renniemac says:
26 October 2014

Sophie your not showing ignorance, there are many like yourself who don’t understand the system. there needs to be better clarity as stated by Which. also I believe the pensions should be protected to stop future Governments from pillaging them when they need extra capital.
The pension system as it stands is a game of Russian roulette, whereby no-one knows what the final pension will be from one provider to the next.
The Scottish government during the Referendum spoke of triple locking pension to protect them , triple locking should be seriously looked at to protect future UK pensions for us all.

Is a Defined Ambition scheme the one where you save for years towards retirement and then the Government encourages you to withdraw a big chunk of the money to buy a Lamborghini and the Treasury gets a huge chunk in tax because you did not buy a pension. Oh, and you will then need to claim pension credits to top up the state pension.

Defined Ambition indeed!

Pension credits will not be available to anybody reaching state pension age after April 2016.

One of the things that worries me about the relaxing of pension pot spending rules is the likelihood that many people will dip deeply into their pot and leave themselves under-provided for in their later years. Inevitably, this would put pressure on the benefit system that no amount of advance highest-rate taxation would cover. I suppose luxury yachts and Lamborghinis will be coming onto the market at bargain basement prices in a few years’ time as pensioners realise they cannot fund the running costs or cannot even drive them. But hey! . . . they’ve had a good time using their pile.

Perhaps not as pension credit but some form of top up benefit.

The Times headline for tomorrow: 200,000 will ‘blow pensions’ next year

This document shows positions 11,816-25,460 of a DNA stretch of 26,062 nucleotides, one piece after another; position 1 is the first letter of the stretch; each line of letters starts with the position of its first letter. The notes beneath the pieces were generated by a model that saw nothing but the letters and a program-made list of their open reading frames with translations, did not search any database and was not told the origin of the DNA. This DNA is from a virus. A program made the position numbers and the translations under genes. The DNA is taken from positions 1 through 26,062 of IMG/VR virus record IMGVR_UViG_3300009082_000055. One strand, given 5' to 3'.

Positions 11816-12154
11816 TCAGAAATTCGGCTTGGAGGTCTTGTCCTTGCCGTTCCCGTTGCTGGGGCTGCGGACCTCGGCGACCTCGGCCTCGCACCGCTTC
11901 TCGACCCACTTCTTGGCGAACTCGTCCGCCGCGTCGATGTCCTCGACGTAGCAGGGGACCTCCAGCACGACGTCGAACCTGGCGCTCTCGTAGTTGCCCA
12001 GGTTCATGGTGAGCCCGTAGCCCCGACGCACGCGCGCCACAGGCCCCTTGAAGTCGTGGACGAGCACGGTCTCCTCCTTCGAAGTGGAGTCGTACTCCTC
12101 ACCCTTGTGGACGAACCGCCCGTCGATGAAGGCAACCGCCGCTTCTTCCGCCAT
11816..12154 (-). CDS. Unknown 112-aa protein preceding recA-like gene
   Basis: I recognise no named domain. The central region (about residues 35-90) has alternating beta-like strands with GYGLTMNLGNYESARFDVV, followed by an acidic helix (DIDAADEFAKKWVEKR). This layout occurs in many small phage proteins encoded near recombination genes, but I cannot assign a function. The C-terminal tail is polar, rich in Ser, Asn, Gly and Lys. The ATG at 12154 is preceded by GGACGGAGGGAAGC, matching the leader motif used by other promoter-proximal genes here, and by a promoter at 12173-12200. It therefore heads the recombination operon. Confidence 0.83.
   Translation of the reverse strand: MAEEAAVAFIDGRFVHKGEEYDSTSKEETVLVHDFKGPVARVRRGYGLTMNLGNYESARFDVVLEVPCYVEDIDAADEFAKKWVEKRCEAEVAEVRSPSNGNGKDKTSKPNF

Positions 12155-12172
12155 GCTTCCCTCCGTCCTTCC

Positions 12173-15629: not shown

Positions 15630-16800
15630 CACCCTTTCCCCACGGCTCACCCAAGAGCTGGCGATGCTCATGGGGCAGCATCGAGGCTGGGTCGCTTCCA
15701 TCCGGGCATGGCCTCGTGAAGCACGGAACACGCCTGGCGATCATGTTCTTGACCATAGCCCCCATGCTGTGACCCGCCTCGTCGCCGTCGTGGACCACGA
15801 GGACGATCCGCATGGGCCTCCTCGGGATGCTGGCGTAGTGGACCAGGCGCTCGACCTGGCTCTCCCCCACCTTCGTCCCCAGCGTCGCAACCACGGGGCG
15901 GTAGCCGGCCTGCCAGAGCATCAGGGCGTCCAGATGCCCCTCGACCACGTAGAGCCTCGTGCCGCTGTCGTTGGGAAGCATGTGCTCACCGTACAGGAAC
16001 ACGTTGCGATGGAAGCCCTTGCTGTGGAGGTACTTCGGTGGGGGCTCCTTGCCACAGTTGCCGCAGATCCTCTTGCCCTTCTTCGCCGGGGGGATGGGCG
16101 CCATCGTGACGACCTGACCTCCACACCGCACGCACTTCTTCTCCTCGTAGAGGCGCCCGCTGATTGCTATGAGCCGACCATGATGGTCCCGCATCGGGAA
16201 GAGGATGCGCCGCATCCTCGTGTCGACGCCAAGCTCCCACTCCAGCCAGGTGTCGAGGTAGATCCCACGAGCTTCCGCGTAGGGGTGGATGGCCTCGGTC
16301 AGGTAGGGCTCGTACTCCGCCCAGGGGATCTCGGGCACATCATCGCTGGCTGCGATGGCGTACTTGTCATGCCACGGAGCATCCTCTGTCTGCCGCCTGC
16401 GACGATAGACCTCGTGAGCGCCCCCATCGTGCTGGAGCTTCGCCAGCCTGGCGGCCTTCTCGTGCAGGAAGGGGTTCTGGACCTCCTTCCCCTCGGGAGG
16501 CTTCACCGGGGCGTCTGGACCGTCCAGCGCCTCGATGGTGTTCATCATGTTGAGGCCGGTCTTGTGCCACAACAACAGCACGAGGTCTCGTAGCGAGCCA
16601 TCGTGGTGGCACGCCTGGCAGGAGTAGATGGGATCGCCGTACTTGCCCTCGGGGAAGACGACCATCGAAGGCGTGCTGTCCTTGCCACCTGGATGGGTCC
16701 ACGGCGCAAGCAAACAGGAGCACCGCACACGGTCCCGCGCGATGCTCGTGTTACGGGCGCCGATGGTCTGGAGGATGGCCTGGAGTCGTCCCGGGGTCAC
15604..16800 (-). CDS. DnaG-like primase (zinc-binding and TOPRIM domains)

This is supposed to be fine according to the pensions minister. “It’s their money and they are free to do what they wish with it” So much for encouraging us to make provision for retirement.

The original justification for the reversion of pension funding has galloped off into the sunset on a horse named Jackpot. The horse called Prudence is now a spavined nag. Unfortunately the government’s utterances only serve to reinforce the short-termism, lack of thrift and rejection of providence that now characterise younger people’s attitude towards long-term financial provision. I think there are some who will spend out their pension pot and then expect the state to provide.

Trying to get my head around the New State Pension scheme which comes in after April 2016.
For those who have contracted out of SERPS in the past ( due to membership of other pension schemes especially Public Sector ones) the much vaunted flat £144 per week will apparently be reduced and may be no more than the current £114 per week rate.

This may well be fair, but this reduction has been kept very quiet and one cannot find out what the reduction will be until after April 2016 ! So much for forward planning.